Iola Daily Register And Evening News from Iola, Kansas on March 18, 1933 · Page 4
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Iola Daily Register And Evening News from Iola, Kansas · Page 4

Iola, Kansas
Issue Date:
Saturday, March 18, 1933
Page 4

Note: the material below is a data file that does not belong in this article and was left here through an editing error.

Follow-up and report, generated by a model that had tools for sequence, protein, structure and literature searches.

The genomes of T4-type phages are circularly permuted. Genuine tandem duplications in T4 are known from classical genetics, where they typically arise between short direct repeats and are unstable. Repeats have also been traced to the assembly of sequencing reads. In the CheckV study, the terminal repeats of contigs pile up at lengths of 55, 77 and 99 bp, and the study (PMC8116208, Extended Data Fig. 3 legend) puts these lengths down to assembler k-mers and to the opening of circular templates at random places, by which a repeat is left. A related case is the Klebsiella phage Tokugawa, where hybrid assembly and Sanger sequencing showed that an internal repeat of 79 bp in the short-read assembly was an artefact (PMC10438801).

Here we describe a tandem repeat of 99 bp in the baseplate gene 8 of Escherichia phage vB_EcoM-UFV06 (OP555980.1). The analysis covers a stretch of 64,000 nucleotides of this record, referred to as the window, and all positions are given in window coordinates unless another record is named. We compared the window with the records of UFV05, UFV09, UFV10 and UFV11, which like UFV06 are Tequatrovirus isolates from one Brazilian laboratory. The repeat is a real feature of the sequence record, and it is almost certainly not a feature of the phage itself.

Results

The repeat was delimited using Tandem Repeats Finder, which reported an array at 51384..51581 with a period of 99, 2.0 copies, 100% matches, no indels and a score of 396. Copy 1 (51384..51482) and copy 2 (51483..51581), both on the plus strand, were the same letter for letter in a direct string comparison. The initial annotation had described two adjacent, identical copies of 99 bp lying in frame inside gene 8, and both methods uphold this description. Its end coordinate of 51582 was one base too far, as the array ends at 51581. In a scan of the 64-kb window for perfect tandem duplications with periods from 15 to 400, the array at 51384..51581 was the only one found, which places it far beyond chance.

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" PAGE FOUR THE lOLA DAILY REGISTER, SATURPAY EVENING, MARCH 18, 1933. lOUA, KANSAS FIVE CLUBS TO PLAY 90 GAMES AFTER AP^ 10 Final Plahs for; Twilight League Made at City Hall Meeting Final plans for what ts hoped to be the lola Twilight league's most successful season were settled in a meeting of managers and offtclals in city hall last night. The five clubs which will face the barrier on April 10—the starting dale—were all repreflcntcd. The cn- tninU, OS made tcnown last night, Will be the Union Oas corporation, Bcnrborough Brothers drug store, Tola theater, Olty Oil company, and tile Bncon Truck lines. The Bacon Truck lines, will go in Instead of the PalrmoBt^ creamery which had previously expected to enter a team. Meeting in the police office; with various officers of the law piasslng In and out of the room and poking their heads in the door, the skippers and heads of the league disposed of the final business quickly and smoothly although much of the usual banter was heard on all sides. Bit: Leaeues to Ipla.: Judging from the words iflowing from the 1 ps of the managers present the letgue-thls year will start off with five of the most powerful clubs In the country, and the fastest season, in history is a certainty. More than the usual interest appears to be shown by all concerned for the coming season. The^managers all say they have their stars lined up and have had them on the line for a long time but the formality of having to sigh them on the official dotted line of/ the league contracts must be gone through with the first of next we^. P ayer blanks will ije given out Monday noon. The Union Gas corpoiation, with Melvin Bums again at the valve, has decided to retain tte name of passers. Scarborough S others will go imder the name of tie "Drugs" and Paul Wright will nanage the club with Walter Maudli i as assistant. Walter M. Davis, a veteran of veterans in the league,^ will again lead tile City Oil company team. The Texacos have Junked) that name in favor of the Texaco "jPirestones." Stare for the PreiKnt. George Williams, strong armed catcher of the Vans of last year, will direct the forces of the colored team playing for the lola theater. Owner M. N. Hillycr said his team would play under the title of "Stars"—at least until he saw them play a few games, The Bacon lines, with Frank Bacon sponsor and Harry Pope manager, will perform under the name of "Truckers." The important business of last night's meeting was approval of a set of rules which had. previously been drawn up by Secretary A. L. (Slim) Neete. The playing code was approved with but minor amendments. The rules to govern play will be printed in Monday's Register and player contracts will be obtained by managere from The Register office at noon of the same day. A limit of 15 players may be. signed by each manager. Work on Diamond Now. The > smelter groun^is, field on which the 90 games are to be played, are now xmdergoing improvements and grooming for the coming season. The major project of improvement win be the erection of a small stand behind the plate which will seat approximately one hundred persons and for which an admission charge of 5 cents iwiil be made. League heads sponsoring • it Ijelieve the bleacher will pay for itself in a short time and also help a great deal in providing funds for nmning the league and for other improvements. F. H. (Fleet) Baker and Jake BlUlie, umpires who were calling them at the end of last season, will again handle all complaints—which are incidentally expected to be fewer in number due to a new ruling. The opening date has been set for Monday, April 10, three weeks from the coming Monday. Dotted Line on Monday. A number of the old vete have been seen roaming about town and a few haveTgone so far as to warm up their arms a bit. Those jvho hibernate through the winter always come out smiling with the first warm day and begin to talk about bigger and bettei*. teams. Several of the stars of last year appear to have been signed already by more than one manager, but no handwriting will be official until Monday noon, and then only on the league blahks! Sheriff Bud Hurley, who was the target of a volley of Jibes all last Moson. disregarded the request of no players at last night's meeting and hung his head through the doorway throughout. He was being sup- Txsrted by i, pair of crutches but intimated he! hoped to discard one of them by the time the first ball is tossed. Training Camp Notes Biloxi, Miss., Mar; 18. (AP)—Although the Washington Senators trounced the New Orleans Pelicans 11 to 2 esterday after the Louisir anans had beaten Cleveland, Manager Joe Cronin hau]ed*out the heavy artillery for today's set-to with, the Indians. Al Crowder was picked for the first three innings, and Monte Weaver for the last three. Earl "Whttehill. Washington's new left-hander, drew the middle trio. HUMBOLDT NEWS Sflss Mae Schleicher Entertains Members of Bethany Class of PresbyteHan Sunday School. In Wake of iTornado That Swept iSouth BEATTIE BACK FROM MEETING No Results on Racing Circuit Reported, However. No final decision as to the lineup of the Kanls&s and Oklahoma racing circuit for the 1933 season was reported by Dr. P. S. Beattie who returned thi^ morning from- Wichita where the annual spring meeting of the circuit was held yesterday. , Dr. Beattie, seqretary of the association, said a second meeting would be held within the jnext month. Several matters pertaining to the Kansas fair situation were discussed. Dr. Beattie said today, but nothing definite has been decided upon yet. He stated, however, that the K. and O. circuit expected to continue. Cities rejXFesentcd at the Wichita meeting we^e Hutchinson, Topeka, Anthony, Dpdge City, Wmfleld, Eureka, Parsons, Wichita, and lola. Peru, Indi—The horse may be coming baclk. some one has figured the average assessed value of a horse in !M3ami. coUnty this year ts $58 against $54, last year: And that automobiles average $67 for J933 Bgainqt a 1932 valuation of St. Petersburg, Flo,—The great tSOOO argument between Babe Ruth and Colonel Jacob Ruppert over tho Bbbo'a 1933 salary oppeared to be a little clos<!r to a sottlemnnt today with the signs pointlnir to Ruppert nn the probable winner. Ruth,, who recently admitted he would consider <6S,00(), Just fSOOO more than the Yanks were offering, telephoned Ruppert lost night asking for B conference at Miller Huggins field today. Sarasota. Fla.—Burt Shotton will lead his Phillip into town today to provide the Boston Red Sox with their second exhibition opponents. Manager Marty, McManus plans to send Lefty Bob Welland, Dusty Roades and Johnny Welch against the hardhitting National leaguers who upset the Braves yesterday at St. Petersburg. Doc A. A. Woods, of St. Louis, who, under Miller Huggins's regime trained the New York Yankees for 10 years, has been signed, on in that capacity by General Manager Eddie Collins. St. Petersburg, Fla.. Mkr. 1.8. (AP) Although Manager Bill McKechnie is. getting plenty of hitting from his Boston Braves, he is far from satisfied. The Braves out-hit the Phillies 9 to 8 yesterday while going down to a 5-1 defeat. McKechnie was more than a bit disgusted at the idea of nine hits scoring but one run and he pointed out that, at the rate they were going, it would have taken 54 hits to have edged the Phillies. 6-5. The Braves take on the St. Louis Cardinals today. New Orleans — Wesley Ferrell, Cleveland's ace pitcher and only remaining holdout, can earn the $15,000 he wants for this year's work if he wins 25 games. The temperamental twirler originally asked $18,000 but came down three notches when President Alva Bradley showed no sign of raising his $12,000 offer. Whereupon, General Manager Billy Evans countered with this proposition: "He must sign a $12,000 contract, but If he wins 20 games he will receive an additional $2000, For 25 games, the.nuniber he says he can and win win, he will be paid an-' other $1000 or $15,000." Willis Hudlln, the other pitcher who didn't like the first contract offered, yesterday met terms Evans said were identical with the original. Tampa, Fla.—Donie Bush's Red- legs were without the services of two regulars for today's gaoie witb Connie Mack's Philadelphia Athletics. George Grantham, second baseman, suffering from a badly spiked foot, win be out of action at least a week. Joe Morrissey. slated for third, is out with a broken finger on his left hand. Beloit—Accidents in this vicinity since last Wednesday have caused one death and injuries to four persons. Prances Matheis. 23. was killed by a falling tree. Lester Reeves of Asherville. suffered several broken ribs when kicked by a mule; Mrs. T. C. Wrench slipped on a porch and broke her hip; Orville Treasters received a broken leg when a hook slipped on a stump, puller, and Ralph Spoleder suffer«l a broken shoulder while playing baseball at a rural school. Emporia — Emporia police said last night that Cari Anderson had been identified by three witnesses as one of the participants in the robbery of the Citizens National bank here March 1. Anderson was arrested at El Dorado Thursday night. HUMBOLDT, Marj 17.—Mre. Fred Burghart, 62. died at her home in Colorado Bprtngs, Colo., Thursday morning, from cancer of the stomach. .Until 15 years ago, she with her husband, was engaged in operating a general merchandise store in I.«anna, southeast of Humboldt(^| and is thus well-known in that com- muhlty. Surviving her besides her husband are three sons. Robert BurirhRrt, Kansas City; Roy Burghart and Walter Burghart of Colorado Sprlitgs: one daughter, Miss Clarn Bunrhart, Colorado Bprlngs; five slsUrH, M^s. Louise Eaton. Oxnard, Calif., Mrs, Bertho, Kohlcr, Lawrence, , Kos,; Miss Kathrina Stoclzing, Chanute; two. brothers John Stoelzing, east of Chanute, and Arthur Stoehilng, Washington, Kas.; iind one. grandchild. One daughter, Flla Burghart, died in 1916. Funeral services will be held in the Leanna Cliristian church, of which Mrs. BiUT?Iiart was a member, on Saturday afternoon, Rev. E. A. Ham of Chanute, officiating. Tom Twadell of Los Angeles. Cal., who has been visiting here for sev- \ ernl weeks with his friend, Edwin Payne, has returned home. Miss Hazel Krause, nurse at the Payne hospital, here, has returned to duty following a week's visit with relatives in Augusta, Kas.. Miss Lenore and Gerald Tallty. Humboldt, entertained as their week end guest, Ralph Vohs of Osawa- tomle, Kas. The members of the Odd Fellows lodge and their wives held an enjoyable meeting and program Thursday evening, in the I. O. O. P. hall. Refreshments werCi served following the program. Mrs. William A. Hess, her daughter, Aiuia, and son William, enjoyed a day's visit recently to Kansas City, where they witnessed the performance of "Hamlet" at the Shubert theater. Erton Miller and Elmer Price, stockmen of Savonburg, spent Tuesday in Humboldt, on business. Mr. and Mrs. W. H. Anderson, colored, of Humboldt; are the proud parents of a 7'i pound son, bom to them Monday morning. J. J. Thomason. manager of the Wilcox service station, motored to Kansas City, Thursday morning to spend a few days there with his sister, Mrs. Frank E. Correll and family. Mr. and Mrs. Chas. H. Schaffner of Osage street, had as their weekend guests, Mr. and Mrs. McCIellan Dildine and Mrs. Ella Bragg, all of Kansas City. Mrs. R. B. Shook, Peoria, 111., has returned to her home after a several weeks' visit here with her parents. Mr. and Mrs. J. J. Amos. Miss Marjory Osborn, student at the state university, returned to her studies Monday, after a week-end visit here with her parents, Mr. and Mrs. J. P. Oslxjm of North Twelfth street. Mrs. Frank Geist arid her mother, Mrs. Jesse Savage, accomtuinled by Fred Collings, motored to Neodesha Tuesday for a visit with friends, and while en route home, visited relatives in Chanute. Mrs. Louisa Hartwig came Wednesday, evening for a visit with her son, H. Welchel and Mrs. Welchel. Superintendent Campbell gave a talk on the meeting of school superintendents recently held in Milwaukee. Wis., at a session of the teachers of the Humboldt schools, held Tuesday evening. Visitors at the chapel assembly program of the high school Tuesday morning were as follows: Mrs. W. W. Kelley, Mrs. Carl Cation, Mrs. J. B. Flint, Mrs. H. H, Stewart. Mrs. J. B. Harman, Mrs. L. T. Cannon, Mrs. G. W. Mccreary. Mrs. E. i A. Pauli, Mrs. Leslie Lehman; Misses Nellie Eirollinger, Bertha Beeman. Viola HoUoway, Pauline Watts, .^r- Une Wilson; and Messrs. E. A. Pauli, Leslie Helman, Harold Horn and Chas. Hume. Nila Gibson, freshman, has left the Huniboldt school, on account of the removal of her family to Bronson. ^ The Prairie Center players gave their play.:'•The Spooky Tavern," at the Oakland school house Friday HOOKS i and SLIDES BY BILL BRRUCHER Let Them Bop, Etc. J ^R. F. C. ALLEN, atliletlc director of the Unlveralty ot KanKas, in disturbed about boo- InK at bn.skctball games. Dr. Allen views with alarm the effect of- the revorbnrallnB boo upon the lic'liolarly Intolllgunce of youth. The doctor wants a law passed, piiipowcrinp the referee to call a ic'thnlcal foul on tho home team when the crowd bCRliis to boo. KiioHgh boos would lose the ball game in this way, and it would be a triumph for good, clean luu, or something. "Vl.siting players," ."says Dr. Allen, "and especially the oflicial.^?, are being intimidated, and soon the respectable citizen "will not care to attend garae.i." • • Philosophical Note WHEN the fans booed Jack Sharkey In his younger days, the Boston boxer used to get all heated up about it. He would snarl and scowl at bis audiences. But as time wore on, he got so used to It' that he very philo- .sophically reached the conclusion: "Let them boo—I've got their nione'y." \ One of the reasons why baseball has f .illen Into such low estate (I mean that it is not making money, which the magnates seem to think is a lo,w estate) is that the old customer wiio used to 1 )00 everything has been disappearing from the park. ;' The rabid partisan wKo used to boo no longer .finds much to become rabid about. Crowlds at ball games these days have become orderly—and small. Aald« from the ttaanclal agyecta DID YOU Kf90W THAT—: pLARA CALLENDAB^ the ^ 13-year-old Roinng star, has set the whole Pacine coast agog . . . but not her til.ster. . . . Clara's sister Faya the kid'.s golt gjime is two full years behirid her publicity. . . . Clara s dad, Kliot Callendar, pro at the Monterey Peninsula Club, says Clara is a 13-year- old girl w-ho has worked , very hard on golf .• . . and "she has been unusually fortunate in being able to deliver her best brand of golt in tournament play" . •. . : well. Jack Dempsey was lucky, too ... he delivered his best brand of fighting when he was in the ring. ot the boo, its value as a character builder hardly can be gainsaid. The young man who competes In the public eye must be prepared for public criticism, and 1£. be can't take it, there is a weak spot in his armor. • « • The Cold World iPDUCATORS assure youth that it Is a cold, cold world into which they step at graduation (even the assets are all frozen up this year). Your young nnder- grad who learns to take a boo or two with philosophical reflection has learned a lesson from the cold, cold world even before he Is told all about it at commence-^ ment. Booing, It seems to me, iea tine thing. Homfea became piles ot Jagged splinters when the deadly tornado; which swept 500 miles across the middle south twisted through Nashville, Tenn. Property damage rose to hundreds of thousands of dollars. The picture was made in Nashville's rtsidentlal district. NSWERS •yOSUKE MATSUOKA was 4 CHIEF OP THE JAPANESE DELEGATION at the LEAGUE OF NATIONS ASSEMBLY', The POLISH COK- RIDOK Is that strip ot land that separates East Prussia from the rest of Germany, nud which gives Poland Us only nc- ce .<H to the sf>a. DELHI is the capital, of India. night, will give it at the Oakland community meet Monday evening next, and have also arranged to give it at the St. Joseph church school. Humboldt. Tuesday evening. March 21. as a benefit play for church proceeds. Richard Huber, sophomore, has left school to help with the farm work ait his home. Miss' Mae Schleicher entertained the class meeting of the Bethany class of the Presbyterian Sunday school, at her home. Thursday evening. The class was well represented, a fine program was enjoyed, and plans were made for the promotion of the class work. SiUtable recognition was made of the Illness of Mrs. W. B. Glover, teacher of the class, also of the recent death of Mrs. CSias. McEwen, a membei* of the class. Joetta Adams was pleasantly .surprised at her home Thursday evening, when a group of young follcs gathered to help her celebrate her sixteenth birthday. Jig saw puzzles furnished entertainment for the evening, after which a midnight luncheon was served to the following guests: Misses Virginia Dice, Christina Dice, Mildred Orth, and Messrs. Janies Hay, Hary Hay. Ernest Orth and Joetta Adams. Mrs. F. L. Swearingen. north of Humboldt, was hostess to the Lucky- Circle club at her home Thursday evening, cards furnishing the entertainment. Mr. and Mrs. J. P. Willhlte making the high score. Later, refreshments were served to the following present: Mr. and Mrs. Endicott. Mr. and Mrs. William Ronsick, Mr. and Mrs. Homer Crook, Mr. and Mrs. V. It. Palmer, Mi. A. P. Giles, and Mr. and Mrs. F. L. Swearingen. The next meeting will be held with Mr. and Mrs. J. Wl Endicott. The Rebekah Sewing Circle met Friday afternoon in the I. O. O. F. hall. A good meeting was had, and two quilts quilted. The next regular meeting will be held Friday, March 24. The Pollj-anna class of the Methodist Sunday school met Thursday evening at the home' of the teacher, Mrs. Bowlby. After the lesson, popcorn and candy were served to those present: Misses IJoris Kent, All(» Norrls, Helen Foster, Ruby Sheldon, Virginia Giles and Verdie Bale. Mrs. D. C. Cushman entertained the following ladies at her honu: Thursday afternoon to a bridge party: Mesdames Robert Redding, W. C. Adams. W. J. Caajjer, Frank Geist, Walter Burtiss, Robert Homm, W. C. Shaiffer and H. A. Harwood. The Humboldt Music club wUl meet Monday afternoon next, at the Presbyterian church, at 3:30 o'clock. This is an open meeting to which the public is invited. The Entre Nous club was entertained Thursday afternoon at the home of Mrs. "C. A. Rej-nolds of First street. ; The Five Hundred club held its regular meeting at the home of Mrs. WUard Eastham on Fourth street, Thiusday afternoon. John Willenburg. CoffeyvlUe, returned home Tuesday evening, following the transaction of business here. BILL CARR INJURED Olympic Athlete May Have Run His Last Race Philadelphia, Mar. 18. (AP)—Bill Carr, the University of Pennsylvania's modest track star, who flashed to fame in the Olympics last summer, may have run his last race. The black-thatched Arkansas filer, world record-holding 400-meters Olympic champion, was thrown from the running board of, an automo- jile in a collision last night. Hos- jltal officials announced he suffered a possible fracture pf the pelvis, an injury which Lawson Robertson, coach of the University of Pennsylvania and American Olympic track teams said "possljbly does" mean thi; end of Carr's career. Carr had been nding on the car, only about a block when it collided with onother and Carr was throyn to the pavement. Carr. whose home is in Pine Bluff, Ark., is a senior at Pennsylvania. Last Saturday he won a 300-yard special race at Buffalo in the clos-, Ing indoor appearance of his col-. have been on the cinder paths at the University of Pennsylvania relay carnival next month. Valuation Meeting in Chanute Chanute, Kas., Mar. 18. (AP).— County Clerks and oil producers from Neosho, Allen, Anderson. Miami. Lynn, Woodson. Wilson. Chautauqua Montgomery and Greenwood counties will meet here Wednesday to discuss a basis for tax valuation on stripper oil wells. . ^ Kimball Building Bums. Kimball. Kas., March 18. (AP)— The telephone exchange here and the building housing it, were destroyed by flre last night.; Coffeyville—James L. Skinner, 88, who operated a transfer line here until his retlrepienti 15 years ago, died yesterday. He had lived here 57 years. The Knights of Labor, the first labor organization of national scopP and influence, founded in the late 1860's by a Philadelphia garment with cutter was a secret society ^egiate career. His next race was to'ritual, grip and password. Spinach Loaf. \\'- cupe chopped, cooked spinach 1 cup flake soda crackers, crumbled fine 1 cup grated cheese 1 egg. well beaten 1 teaspoon salt \% teaspoon pepper I.tablespoon lemon Juice 1 cup hot white saiice Combine ingredients except white sauce', in the order given and place in a buttered loaf pan. Bake in a moderate oven (375d F.) about 20 minutes. Unmold and pour hot white touce around the loaf. 6 por- M«>* . i^UPTOWNio?^ TODAY ONLY 'XrRisa or HAHWIEt ^With LOIS WILSON, FRED KOHLER, FORRES'T STANLEY I PLUS- MICKEY McGUIRE in a two reel comedy "MICKEY'S CHARITY" n -K-O-PATIIE NEWS Mickey Mouse in "THE BAD DOCTOR" EXTRA ADDED—First Chapter of the New Serial The Whispering Shadow With BELA LUGOSI, ROBERT! WARWICK. ETHEL CLAYTON TWELVE EPISODES OF Mystery, Intrigiie and Romance! SUNDAY, MONDAY, TUESDAY Owl Show Tonight---11:30 MATINEES 10c-25c NIGHTS 10c-40c In order to meet the distributor'^ reqiiirements and obtain an early showing of this prodiwtion we must charge the above admissiona. Thesie same requirements /uild the nation over.^ We suggest patrons take advantage of matinee prices. Season's Greafesf Cast JANET GAYNOR WILL flOGERS LEW AYRES SALUrilLERS Noman Foster • Louise Dresser Frank Craven Victor lory STATE FAIR NRTj KING PRODOCTION ADDED—A Selected FOX ^n^.. HCTURi rogram of Featurettes, A PERSONAL GUARANTEE! Only a few times have \J persoiially guaranteed any attraction, and I feel no patron will acuse me of exaggeration and noir I am guaranteeing "State Fair" as one of the best you'll see in muny a long day. If you're not pleased with "State Fair" your admissiion will be cheerfully refunded. ' E. VAN] HYNING. Manager. NEWS OF MORAi All Former Residents of Moran ?foW in Los Anfcles Safe After Quak^, : Word Received by Mrs. Cox ' : (Mrs, G. H. Fordi -i -, MORAN. Mar. 15—Mrs. H. W. <:ox received the first word Monday fioni her daughter, Mrs. Charles Cboiier, Los Angeles, since the earthqujilce stating that their family and'aU other former Moran people In their vicinity are safe. The experience wa$ a terrible one for them and one they hope may not be repeated, Mr, jtnd Mrx, Charles. BrouiUard received word about the sftmo time fronft their daughter, Mrs, Jake Poritkcr and Mr. Forakcr, rerwrtlng theli" Hafety. A number of pcrsonH arc yet to be heard from and their frl(;mI2) here are very ohxlbus about them but feel the delay is due to cdngcstcll mail service and but a comparatively few direct messages can be iJan!- dled readily. Miss Doris Harris was a dinn^ guest Sunday of Miss Ruth Manning. 1 ; ; Mr. and Mrs. W. W. Lam and two children were Sunday guests of M^. Lam's daughter. Mrs. Russell Me- Henry and Mr. McHenry. near Ibla. Mr. and Mrs; Frank Martin ^njl two children, Martha Ann and VM- gil. werer here Sunday for a vlsiit with Mr. Martin's parents. Mr. &nd Mrs. A. L. Martin. Frank Mart^ and' family Just recently moved to a farm north of LaHarpe. ' Dickey Weast was a guest Sunday of his aunt, Mrs. Howard Barnes and family. Afternoon guests at tjie Barnes home included Mr. and Mrs. H. D. Smock. lola^ Mesdames Walter Wood and O. i,. Smith attended the program of tfje filoments Music club. lola, Tuesdfiy afternoon. Delbert Franklin, a sopK- pmore in the Mpran high school, a student member of the club; appeaj- ed on the program. •1 Mr. and Mrs. Ben Pennington and son, Ben. Jr.. were guests Sunday iif Mr. Pennington's parents. Mr. aiiid Mrs. C. E. Pennington, lola. Mr. and Mrs. Rees Burland entertained their bridge club Monday evening and had as their guesSs Messrs. and Mesdames R. J. Condei^man, W. A. Cline, Earl Green. Jolni Koppers. Roy Bartlett. Ralph Mf*Crary. Miss Lucilla HaiTis and Mr. and Mrs. Ben Pennington. • The members of | the Philathea Sunday school class; of the Metho'- dlst Episcopal church enjoyed thefr regular monthly social and business meeting Tuesday afternoon in the social rooms of the church. Mi-s. Charles Agner and Miss Neta Manbeck were'the hostesses and served refreshments to the following group ^ at the close of the afternoon: Mes-/ dames John Day, Krilph Martin, Harry Abbott. Q. E. Lacey. Charles Hughes. W. J. Wells, Chartes Harrin, J. H. Burrell, George Welch, D. O. Gilford. Roy Cox. Mrs. P. B. Nisely. LaCyne, came Saturday for a visit of several dnys with her daughter, Mrs. Rees Buv- land and Mr. Burland. Postmaster and Mrs. Ralph Martin visited Sunday In Fort Scott iit tho home of Mr. Martin's sister, Mrs. Walter Oassell, nnd other rolutlvctt and friends. Mrs, Er H, Bartlett hiiN been (jUlic ill with influpnza, but 1 H improvliiK. A Sunday school und church orchestra was organized Inst Suiuluy at the Methodist Eplscopiil tluirch; under the direction of Mrs. Eriic'it C, Wilson. A group of eighteen were present for the first rohear.sal tliiit afternoon. Arthur Sanders. Monett. Mo., l.s here visiting his uncle, E. C. Wil.son and Mrs. Wilson, for a few day.s, , Mr. and Mrs. Glen Edwards and daughter, Carolyn, lola, were heiv Sunday guests of Mr. Edwards' parents, Mr. and Mre. Arthur Edwards. Rev. J. R. Williams was ii dinner guest Tuesday of Mr. and Mrs. H. • W. Cox. Mr. and J^rs. Dennis Dugan i>n- - tertained Mr. Dugan's parents, Mr. . and Mrs. Osa bu^an. at dinner Siiiir day. Max Green. Kincald. was a'guest Jk over the week-end of his brother, ( Earl Green and family. On Wednesday Mrs. Green's father. H. D. Hickman, also' of Kincald, was their guest. lUrs. Lloyd Winslow was hostes.s to the regular meeting of the WiUinf; Workere of the Presbyterian church at her hoine Wednesday afternoon. Mrs. W. A. Cline, president, had charge of the business meeting when plans for the year's work were completed. Mrs. N. L. Harris conducted the devotionals. The le.s.son .study being the fifteenth chapter of Romans. After the work of the day was completed Mrs. Winslow, a.ssist- ed by Mrs. Paul Seber, served refreshments to the following members present: Mesdames Fred Pratz, W. J. Rumbel. W. A. Cline. Lucy Jewell, Bertha Stlm.son, W. A. Peck, Arthur Mendell. J. J. Paul, W. E. North, Rees Burland, Charles Mendell, , Herbert Foi-d. Ml.-w Mabel Pratz. Mrs. P. B. Nisely, of La- Cygne. was pn Invited guest. TODAY! "THEATER OF THE STABS" TODAY! ADMISSION M jjg^^'^ ^ jiya ' ADMISSION lOc |9 ^B..;J^ lOe TO ALLf ^THEATRfE^a TQ ALL; BUCK JONES A NEW AND EXCITING STORY OF THE OUTDOOR.S -IN- ''FORBIDDEN TRAIL'' "CLANCY OF -THE MOUNTED" KRAZy KAT "Secins Stari"—"ORIENTAL COCKTAII," CHILDREN lOc Owl Sh^w -TONIGHT —_1J::30 . SUNDAY a«d MONi)AY LOVE AND WAR IN 1940! ADULTS NEWYOS&IITY 'there have been scenes sliown ©n^ none so amazing,! many startling the screen, but so tremendous, so overwhelininffl]|r real, as the Allt RAID OF NEW YORK! See What May Happen in the Worid of 1940— Metro-Ooldwyn-Msyer's Mighty Story of the Fnturo —-with—- I'HHJJPS HOLMES DIANA WYNARD LEWIS STONE RUTH SELWYN and a caist of thousands! What of lie woman's side of I war? Should mothers rise up in defiance ot hnman misery? Here's tlie picture every woman will vsfant every man to se«v! EXTRA!—PHIL BAKER IN A VITAPHONE MUSICAL ksVVE "POOR LITTL^ RICH BtfY" "SINGIN' SAM"—"SALLY"—LATEST NEWS •'- • - ' ii-rr"